Remembrance Tourism: Maarjamäe Memorial Versus The Estonian Victims of Communism Memorial


  • Brent McKenzie Gordon S. Lang School of Business and Economics, University of Guelph, Canada



tourism, memorialization, remembrance, Estonia, Russia, Post-Soviet


The people of the Republic of Estonia experienced severe oppression and terror during the latter half of the 20th century following their forced annexation into the Soviet Union. Additionally, the Soviet military can rightfully be credited with decisively driving Nazi Germany out of Estonia, during World War II. These related, but conflicting results, has resulted in two different memorials, and two radically different perspectives, located within 500 meters of each other, in the Estonian capital city of Tallinn. This research examines the impact of such confrontation in ideals and remembrance, through the promotion (or lack of), funding, and maintenance of history, through memorials in public space. This research addresses these questions through a comparison of two Memorials located within sight of each other, the Maarjamäe Memorial and the Estonian Victims of Communism Memorial, in Tallinn, Estonia. The comparison of the two Memorials highlights the challenges involved in the construct of remembrance, as well as the related construct of nostalgia, within markets such as Estonia that has two distinct ethnic groups, Estonian, and Russian, and how their respective views of the constructs shape the success or failure of such tourism attractions. The findings of this research will be of benefit to other regions with a similar past, when it comes to remembrance and reflection through tourism.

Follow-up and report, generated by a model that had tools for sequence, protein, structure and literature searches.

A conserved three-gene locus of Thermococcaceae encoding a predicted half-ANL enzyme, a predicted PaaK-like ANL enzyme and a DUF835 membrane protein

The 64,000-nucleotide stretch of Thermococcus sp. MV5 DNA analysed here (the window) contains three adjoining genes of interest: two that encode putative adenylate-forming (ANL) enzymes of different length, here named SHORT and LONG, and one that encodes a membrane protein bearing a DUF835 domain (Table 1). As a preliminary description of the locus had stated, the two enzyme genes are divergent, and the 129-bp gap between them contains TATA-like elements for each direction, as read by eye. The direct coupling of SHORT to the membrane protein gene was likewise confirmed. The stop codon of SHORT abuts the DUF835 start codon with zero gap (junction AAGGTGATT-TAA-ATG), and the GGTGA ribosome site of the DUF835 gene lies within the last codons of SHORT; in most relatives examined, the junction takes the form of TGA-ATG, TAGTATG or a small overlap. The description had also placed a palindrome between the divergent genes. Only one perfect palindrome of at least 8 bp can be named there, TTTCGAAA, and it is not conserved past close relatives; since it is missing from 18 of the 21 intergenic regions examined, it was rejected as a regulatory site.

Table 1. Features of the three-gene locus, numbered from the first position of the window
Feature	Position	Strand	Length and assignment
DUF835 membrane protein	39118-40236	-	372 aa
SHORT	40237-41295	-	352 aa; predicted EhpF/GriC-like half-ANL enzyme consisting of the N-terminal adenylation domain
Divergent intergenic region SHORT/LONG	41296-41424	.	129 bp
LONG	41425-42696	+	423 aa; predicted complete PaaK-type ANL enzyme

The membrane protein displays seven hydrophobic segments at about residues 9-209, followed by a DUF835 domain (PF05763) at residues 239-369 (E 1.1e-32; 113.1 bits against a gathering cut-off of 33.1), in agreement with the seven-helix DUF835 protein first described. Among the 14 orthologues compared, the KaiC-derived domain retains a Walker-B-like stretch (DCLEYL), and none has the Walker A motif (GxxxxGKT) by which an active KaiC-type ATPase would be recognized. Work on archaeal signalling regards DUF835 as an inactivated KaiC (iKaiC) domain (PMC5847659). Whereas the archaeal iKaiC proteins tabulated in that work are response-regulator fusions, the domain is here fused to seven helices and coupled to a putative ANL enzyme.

2022-05-11 — Updated on 2022-05-13